Union University, in conjunction with the Witherspoon Institute, hosted “Salt and Light in the Public Square: Charles Colson’s Legacy and Vision” May 2-4 on campus.
The conference was inspired by the life and work of the late Charles Colson, who died in April 2012 at age 80.
The overall theme had to do with “how to be a Christian in the political sphere,” said Grant Riley, junior Christian thought and tradition and philosophy major. “The conference was more or less how Christians should take after the example that Charles Colson has set for them.”
Colson’s work had a major influence on Christian rights. He was a special counsel to President Richard Nixon’s administration from 1969 to 1973.
He served a seven-month prison sentence in 1974 after pleading guilty to charges in connection with the Watergate scandal. Colson converted to Christianity before being incarcerated. Afterward,in1976,he founded Prison Fellowship Ministries.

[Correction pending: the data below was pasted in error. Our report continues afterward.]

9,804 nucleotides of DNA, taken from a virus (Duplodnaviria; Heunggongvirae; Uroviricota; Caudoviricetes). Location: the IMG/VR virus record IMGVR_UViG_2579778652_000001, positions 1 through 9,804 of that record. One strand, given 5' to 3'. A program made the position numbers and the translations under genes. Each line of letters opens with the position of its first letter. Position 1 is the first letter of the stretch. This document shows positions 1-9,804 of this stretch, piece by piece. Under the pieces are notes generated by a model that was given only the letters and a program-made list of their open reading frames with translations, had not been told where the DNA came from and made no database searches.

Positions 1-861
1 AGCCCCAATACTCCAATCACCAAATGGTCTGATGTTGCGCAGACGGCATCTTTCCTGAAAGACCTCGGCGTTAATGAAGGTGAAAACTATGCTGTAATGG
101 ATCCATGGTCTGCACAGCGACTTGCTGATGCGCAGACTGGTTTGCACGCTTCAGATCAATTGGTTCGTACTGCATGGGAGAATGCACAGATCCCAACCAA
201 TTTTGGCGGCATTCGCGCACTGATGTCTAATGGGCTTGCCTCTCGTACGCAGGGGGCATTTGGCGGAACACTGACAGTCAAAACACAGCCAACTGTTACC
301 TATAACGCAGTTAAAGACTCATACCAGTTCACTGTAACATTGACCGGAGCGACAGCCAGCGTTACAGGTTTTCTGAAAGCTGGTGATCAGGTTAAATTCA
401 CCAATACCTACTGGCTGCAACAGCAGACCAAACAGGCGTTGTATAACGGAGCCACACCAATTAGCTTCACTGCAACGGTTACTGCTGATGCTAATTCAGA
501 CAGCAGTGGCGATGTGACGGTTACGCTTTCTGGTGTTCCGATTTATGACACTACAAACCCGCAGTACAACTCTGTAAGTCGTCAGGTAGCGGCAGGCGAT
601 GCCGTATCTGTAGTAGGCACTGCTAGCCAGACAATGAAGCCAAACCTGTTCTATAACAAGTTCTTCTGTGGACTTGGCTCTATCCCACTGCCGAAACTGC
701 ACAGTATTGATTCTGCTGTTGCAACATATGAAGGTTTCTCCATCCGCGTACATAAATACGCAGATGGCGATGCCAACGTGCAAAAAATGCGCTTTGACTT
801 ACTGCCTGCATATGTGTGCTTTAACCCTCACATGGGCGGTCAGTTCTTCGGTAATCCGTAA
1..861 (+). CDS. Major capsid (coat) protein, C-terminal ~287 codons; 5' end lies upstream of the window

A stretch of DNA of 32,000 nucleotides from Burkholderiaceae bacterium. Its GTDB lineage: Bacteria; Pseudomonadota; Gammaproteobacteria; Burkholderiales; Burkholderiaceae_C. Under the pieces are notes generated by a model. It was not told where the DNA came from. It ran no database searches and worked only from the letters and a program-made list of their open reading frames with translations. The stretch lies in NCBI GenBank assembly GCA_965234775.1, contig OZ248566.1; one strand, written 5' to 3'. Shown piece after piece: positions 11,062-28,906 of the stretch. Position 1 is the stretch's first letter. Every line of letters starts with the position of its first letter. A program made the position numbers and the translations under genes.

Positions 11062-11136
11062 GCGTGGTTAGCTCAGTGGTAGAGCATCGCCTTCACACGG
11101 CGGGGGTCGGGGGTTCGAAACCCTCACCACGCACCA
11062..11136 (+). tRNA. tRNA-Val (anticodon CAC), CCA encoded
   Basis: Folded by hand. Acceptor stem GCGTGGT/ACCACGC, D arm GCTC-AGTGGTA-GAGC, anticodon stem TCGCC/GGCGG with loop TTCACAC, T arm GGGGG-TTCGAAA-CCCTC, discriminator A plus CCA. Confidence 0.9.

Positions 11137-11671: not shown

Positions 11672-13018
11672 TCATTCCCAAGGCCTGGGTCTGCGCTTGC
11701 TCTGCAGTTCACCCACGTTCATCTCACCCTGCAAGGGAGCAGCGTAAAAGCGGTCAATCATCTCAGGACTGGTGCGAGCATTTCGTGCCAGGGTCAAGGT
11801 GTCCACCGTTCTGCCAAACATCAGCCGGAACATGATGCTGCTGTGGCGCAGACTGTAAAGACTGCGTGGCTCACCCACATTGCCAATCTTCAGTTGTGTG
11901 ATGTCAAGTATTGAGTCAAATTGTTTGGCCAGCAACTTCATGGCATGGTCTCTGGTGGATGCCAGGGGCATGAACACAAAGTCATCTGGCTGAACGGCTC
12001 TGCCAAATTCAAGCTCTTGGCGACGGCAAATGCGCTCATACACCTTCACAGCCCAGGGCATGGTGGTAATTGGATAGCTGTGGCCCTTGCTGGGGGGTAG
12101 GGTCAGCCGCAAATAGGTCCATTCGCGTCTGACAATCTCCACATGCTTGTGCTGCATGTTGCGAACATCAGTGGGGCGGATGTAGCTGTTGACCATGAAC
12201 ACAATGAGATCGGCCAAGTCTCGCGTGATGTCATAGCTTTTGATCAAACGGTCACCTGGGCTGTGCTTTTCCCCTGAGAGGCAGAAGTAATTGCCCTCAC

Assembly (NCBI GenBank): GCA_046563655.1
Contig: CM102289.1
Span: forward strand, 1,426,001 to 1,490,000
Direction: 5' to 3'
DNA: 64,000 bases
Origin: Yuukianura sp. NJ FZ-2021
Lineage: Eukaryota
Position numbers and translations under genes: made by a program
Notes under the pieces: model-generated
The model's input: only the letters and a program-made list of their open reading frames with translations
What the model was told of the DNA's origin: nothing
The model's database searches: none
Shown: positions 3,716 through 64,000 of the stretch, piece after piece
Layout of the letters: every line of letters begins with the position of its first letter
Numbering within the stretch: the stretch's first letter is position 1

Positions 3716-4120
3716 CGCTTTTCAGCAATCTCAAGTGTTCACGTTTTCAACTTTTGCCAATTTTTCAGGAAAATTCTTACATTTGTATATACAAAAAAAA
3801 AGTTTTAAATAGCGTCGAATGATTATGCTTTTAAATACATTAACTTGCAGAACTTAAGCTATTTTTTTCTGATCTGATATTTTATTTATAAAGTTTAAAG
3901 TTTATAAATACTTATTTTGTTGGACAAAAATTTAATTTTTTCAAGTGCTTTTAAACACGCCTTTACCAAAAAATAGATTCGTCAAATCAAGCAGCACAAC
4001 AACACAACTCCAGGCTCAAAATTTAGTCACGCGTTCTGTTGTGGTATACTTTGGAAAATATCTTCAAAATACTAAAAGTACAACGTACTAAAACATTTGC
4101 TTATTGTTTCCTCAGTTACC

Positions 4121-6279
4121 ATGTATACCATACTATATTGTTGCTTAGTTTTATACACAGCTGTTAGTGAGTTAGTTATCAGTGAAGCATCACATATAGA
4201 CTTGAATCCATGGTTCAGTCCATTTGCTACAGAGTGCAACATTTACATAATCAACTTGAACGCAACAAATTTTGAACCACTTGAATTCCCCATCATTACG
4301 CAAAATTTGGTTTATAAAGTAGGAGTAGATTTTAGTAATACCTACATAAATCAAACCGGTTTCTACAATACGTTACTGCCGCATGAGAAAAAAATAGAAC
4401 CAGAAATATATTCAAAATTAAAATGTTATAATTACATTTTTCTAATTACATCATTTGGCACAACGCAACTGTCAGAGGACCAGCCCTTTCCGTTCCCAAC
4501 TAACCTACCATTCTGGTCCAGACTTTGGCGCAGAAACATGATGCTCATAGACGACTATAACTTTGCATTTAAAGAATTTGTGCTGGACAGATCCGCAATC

University President David Dockery credits Micah Watson, assistant professor of political science and director of the center for politics and religion, for planning the conference and honoring who he called one of evangelicalism’s finest leaders.
“The conference was [Watson’s] idea,”Dockery said. “He took the initiative with the plans and selected all of the speakers.”
They included Robert P. George, the McCormick Professor of Jurisprudence at Princeton University; Timothy George, dean of Beeson Divinity School at Sam- ford University; Garland Hunt, president of Prison Fellowship Ministries; and Russell D. Moore, senior vice president for academic administration and dean of the School of Theology at Southern Baptist Theological Seminary.
Several Union University faculty also spoke at the conference.
These speakers include: Hunter Baker, dean of instruction; Hal Poe, the Charles Colson Professor of Faith and Culture; C. Ben Mitchell, Graves Professor of Moral Philosophy; and Gregory Thornbury, dean of the School of Theology and Missions.